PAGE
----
Tuesday, March 27, 2012

Winter into Spring (FAMILY magazine reviews)

As the seasons shift, enjoy three very different springtime stories, from fanciful to traditional aspects of spring, also including a perhaps surprising African setting for a different perspective.

In Like a Lion Out Like a Lamb
by Marion Dane Bauer
illustrated by Emily Arnold McCully
Holiday House, $16.95 & $6.95, Ages 4-6

Veteran author Bauer sends the March lion in through a boy’s front door, traipsing muddy footprints and trading howls, in a rollicking, rhythmic, rhyming text, cadenced to perfection with McCully’s signature watercolor, pen and ink paintings. Deft language links “an enormous sneeze” with “breeze, trees, chickadees and bumblebees” in a smooth transition from lion’s growls to lamb, “who comes riding in, gliding in, striding in” to take charge of “grass and flowers, sunshine and showers; and babies, small and large.”
In a seemingly effortless partnership of words and images, this award-winning team mixes single and double-paged spreads using an expert blending of movement and change. The illustrator’s skillful harmony of color with white space complements the author’s subtle use of occasional repetition for a timeless celebration of spring.

and then it’s spring
by Julie Fogliano
illustrated by Erin E. Stead
Roaring Brook Press, $16.99, Ages 4-6

In less than two hundred words, debut author Fogliano launches a garden, and introduces readers to the uncertainty and hopefulness of a rookie farmer. A be-speckled youngster, accompanied by his ever-present rabbit, turtle and dog companions, observes the brown “all around” before “there are seeds.” Wishes and rain follow, but still for week upon week, “it’s just brown.”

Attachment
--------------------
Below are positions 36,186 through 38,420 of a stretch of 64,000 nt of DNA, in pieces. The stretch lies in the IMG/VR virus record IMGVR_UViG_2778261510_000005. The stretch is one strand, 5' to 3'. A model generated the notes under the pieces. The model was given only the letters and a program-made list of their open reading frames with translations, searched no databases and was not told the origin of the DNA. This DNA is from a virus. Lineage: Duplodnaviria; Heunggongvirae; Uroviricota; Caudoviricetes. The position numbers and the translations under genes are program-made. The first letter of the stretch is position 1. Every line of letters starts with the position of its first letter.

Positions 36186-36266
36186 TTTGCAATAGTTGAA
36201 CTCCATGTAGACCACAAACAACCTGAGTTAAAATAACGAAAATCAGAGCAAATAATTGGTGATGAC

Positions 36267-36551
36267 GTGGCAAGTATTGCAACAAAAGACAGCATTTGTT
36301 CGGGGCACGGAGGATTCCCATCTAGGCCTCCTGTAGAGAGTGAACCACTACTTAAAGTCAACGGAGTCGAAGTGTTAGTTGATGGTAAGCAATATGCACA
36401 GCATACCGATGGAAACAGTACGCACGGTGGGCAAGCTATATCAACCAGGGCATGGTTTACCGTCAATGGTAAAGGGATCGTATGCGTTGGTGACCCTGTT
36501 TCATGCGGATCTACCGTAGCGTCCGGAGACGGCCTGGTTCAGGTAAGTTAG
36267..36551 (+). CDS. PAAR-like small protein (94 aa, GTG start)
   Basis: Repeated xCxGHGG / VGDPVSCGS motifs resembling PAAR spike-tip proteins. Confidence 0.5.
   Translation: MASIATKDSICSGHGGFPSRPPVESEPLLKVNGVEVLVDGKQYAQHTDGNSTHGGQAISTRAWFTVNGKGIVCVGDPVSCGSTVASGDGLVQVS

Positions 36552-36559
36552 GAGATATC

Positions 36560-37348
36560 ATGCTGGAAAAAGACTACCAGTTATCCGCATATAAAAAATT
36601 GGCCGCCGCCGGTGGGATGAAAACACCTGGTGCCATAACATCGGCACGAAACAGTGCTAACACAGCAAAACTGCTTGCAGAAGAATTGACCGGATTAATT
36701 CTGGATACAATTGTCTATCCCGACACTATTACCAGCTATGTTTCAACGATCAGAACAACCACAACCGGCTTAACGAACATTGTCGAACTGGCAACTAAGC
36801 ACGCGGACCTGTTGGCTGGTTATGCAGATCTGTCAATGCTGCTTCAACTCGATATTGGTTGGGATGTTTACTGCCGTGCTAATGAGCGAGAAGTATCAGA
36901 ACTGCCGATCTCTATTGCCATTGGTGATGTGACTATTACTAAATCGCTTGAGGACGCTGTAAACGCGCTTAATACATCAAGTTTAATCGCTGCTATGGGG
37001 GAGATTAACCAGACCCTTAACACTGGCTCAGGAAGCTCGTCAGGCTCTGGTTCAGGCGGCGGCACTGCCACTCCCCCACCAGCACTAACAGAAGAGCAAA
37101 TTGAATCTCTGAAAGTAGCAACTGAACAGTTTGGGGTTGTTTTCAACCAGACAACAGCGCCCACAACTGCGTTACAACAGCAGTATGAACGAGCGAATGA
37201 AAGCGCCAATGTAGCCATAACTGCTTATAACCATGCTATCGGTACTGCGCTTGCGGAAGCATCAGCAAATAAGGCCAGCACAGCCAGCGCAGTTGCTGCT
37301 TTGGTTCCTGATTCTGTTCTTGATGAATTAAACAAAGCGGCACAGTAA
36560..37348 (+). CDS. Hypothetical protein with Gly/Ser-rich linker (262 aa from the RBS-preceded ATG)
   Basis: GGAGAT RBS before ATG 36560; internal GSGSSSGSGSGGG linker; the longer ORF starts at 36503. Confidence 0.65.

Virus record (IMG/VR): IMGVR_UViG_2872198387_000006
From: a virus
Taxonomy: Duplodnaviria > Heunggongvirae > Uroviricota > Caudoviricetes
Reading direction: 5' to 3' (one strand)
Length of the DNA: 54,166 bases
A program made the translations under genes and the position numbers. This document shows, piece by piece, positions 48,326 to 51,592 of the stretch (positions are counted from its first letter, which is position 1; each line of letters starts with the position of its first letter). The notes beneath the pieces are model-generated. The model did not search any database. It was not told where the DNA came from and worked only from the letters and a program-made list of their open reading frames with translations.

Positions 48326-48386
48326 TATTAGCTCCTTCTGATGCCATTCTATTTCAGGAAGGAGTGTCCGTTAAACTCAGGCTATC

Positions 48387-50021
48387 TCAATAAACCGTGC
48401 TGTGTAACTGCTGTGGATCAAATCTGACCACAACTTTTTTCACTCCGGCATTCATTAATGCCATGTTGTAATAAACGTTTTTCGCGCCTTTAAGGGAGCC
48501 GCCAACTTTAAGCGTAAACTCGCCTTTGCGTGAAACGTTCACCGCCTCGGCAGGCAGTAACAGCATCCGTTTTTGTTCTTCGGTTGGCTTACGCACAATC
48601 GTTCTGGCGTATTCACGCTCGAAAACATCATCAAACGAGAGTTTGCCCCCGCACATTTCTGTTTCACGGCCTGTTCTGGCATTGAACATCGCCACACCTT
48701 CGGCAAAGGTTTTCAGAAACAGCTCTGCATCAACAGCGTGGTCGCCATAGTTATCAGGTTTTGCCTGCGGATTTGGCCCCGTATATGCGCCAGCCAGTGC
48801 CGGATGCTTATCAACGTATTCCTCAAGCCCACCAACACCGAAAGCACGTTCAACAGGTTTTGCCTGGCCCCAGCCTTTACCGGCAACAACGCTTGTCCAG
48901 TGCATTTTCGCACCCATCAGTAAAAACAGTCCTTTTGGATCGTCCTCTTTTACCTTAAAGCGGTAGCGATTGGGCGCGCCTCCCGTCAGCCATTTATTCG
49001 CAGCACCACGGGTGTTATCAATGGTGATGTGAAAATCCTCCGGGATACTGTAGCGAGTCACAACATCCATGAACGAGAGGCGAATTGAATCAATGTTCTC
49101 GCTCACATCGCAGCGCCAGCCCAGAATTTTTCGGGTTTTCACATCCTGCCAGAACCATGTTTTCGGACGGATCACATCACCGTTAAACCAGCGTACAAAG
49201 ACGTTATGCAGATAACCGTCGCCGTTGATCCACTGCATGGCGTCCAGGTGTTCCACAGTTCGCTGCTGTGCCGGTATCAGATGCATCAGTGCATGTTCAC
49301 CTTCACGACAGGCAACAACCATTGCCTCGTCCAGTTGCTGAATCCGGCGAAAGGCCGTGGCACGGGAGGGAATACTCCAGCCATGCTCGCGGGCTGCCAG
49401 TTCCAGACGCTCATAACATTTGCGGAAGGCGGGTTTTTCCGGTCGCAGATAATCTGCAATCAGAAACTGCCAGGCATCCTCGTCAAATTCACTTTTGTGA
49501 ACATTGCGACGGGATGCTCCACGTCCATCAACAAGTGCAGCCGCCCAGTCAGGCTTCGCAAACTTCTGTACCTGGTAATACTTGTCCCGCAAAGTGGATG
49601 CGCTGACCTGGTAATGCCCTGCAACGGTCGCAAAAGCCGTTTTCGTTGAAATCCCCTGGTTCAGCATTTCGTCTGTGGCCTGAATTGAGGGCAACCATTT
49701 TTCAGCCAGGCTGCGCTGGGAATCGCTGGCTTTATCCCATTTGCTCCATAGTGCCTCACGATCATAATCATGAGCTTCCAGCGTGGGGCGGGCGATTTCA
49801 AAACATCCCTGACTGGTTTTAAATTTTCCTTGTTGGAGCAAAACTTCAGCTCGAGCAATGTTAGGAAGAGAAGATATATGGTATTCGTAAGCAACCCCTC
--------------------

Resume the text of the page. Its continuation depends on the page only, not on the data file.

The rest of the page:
Then there is worry: birds and (somewhat surprisingly) bears show up in the snow. And then the nearly audible “greenish hum,” is followed by a sunny day after a rainy day, with puddles still visible.
In a poetic repetition of “then” and “and,” the ending comes around in an understated but essential closing line and art; “but the brown isn’t around and now you have green, all around you have green.”
Caldecott medalist Stead uses woodblock printing techniques and pencil to contrast rounded cloud shapes and seed hills with rectangular stripes of farmland, fences, and the angled farmhouse. It is an astute coupling of deceptively simple language with spare but elegant, balanced illustrations.

Desert Elephants
by Helen Cowcher
Farrar, Straus & Giroux, $16.99, Ages 6-8

Beginning in February and into June, springtime in West Africa is characterized by the migration of the “last remaining desert elephants.” They follow an ancient route and share the land with nomadic peoples; Dogon, Fulani, and Tuareg. The latter have a saying: “We live with the elephants and the elephants live with us.”
The author’s beautiful illustrations feature realistic paintings of the elephants, including one double page spread of an elephant face on, and others of journeying, sleeping, playing elephants in daylight, sunset, lakeside and mountain landscapes. As people and elephants interact, Cowcher’s storytelling shows the importance of radio for sharing information, negotiating, and music.
Several double page spreads feature not only the native people of Mali, but tourists, rangers and guides, and radio announcers. A family of newcomers, unfamiliar with the elephants’ patterns, has established a home in the path of the migration. As nearby villagers discuss a solution, cultural traditions and sayings are emphasized, helping readers understand the importance of sharing the land and working together.
A bright-colored map of the migration route is featured inside the front and back covers. Also, an Author’s Note arranged as questions and answers is included at the end.

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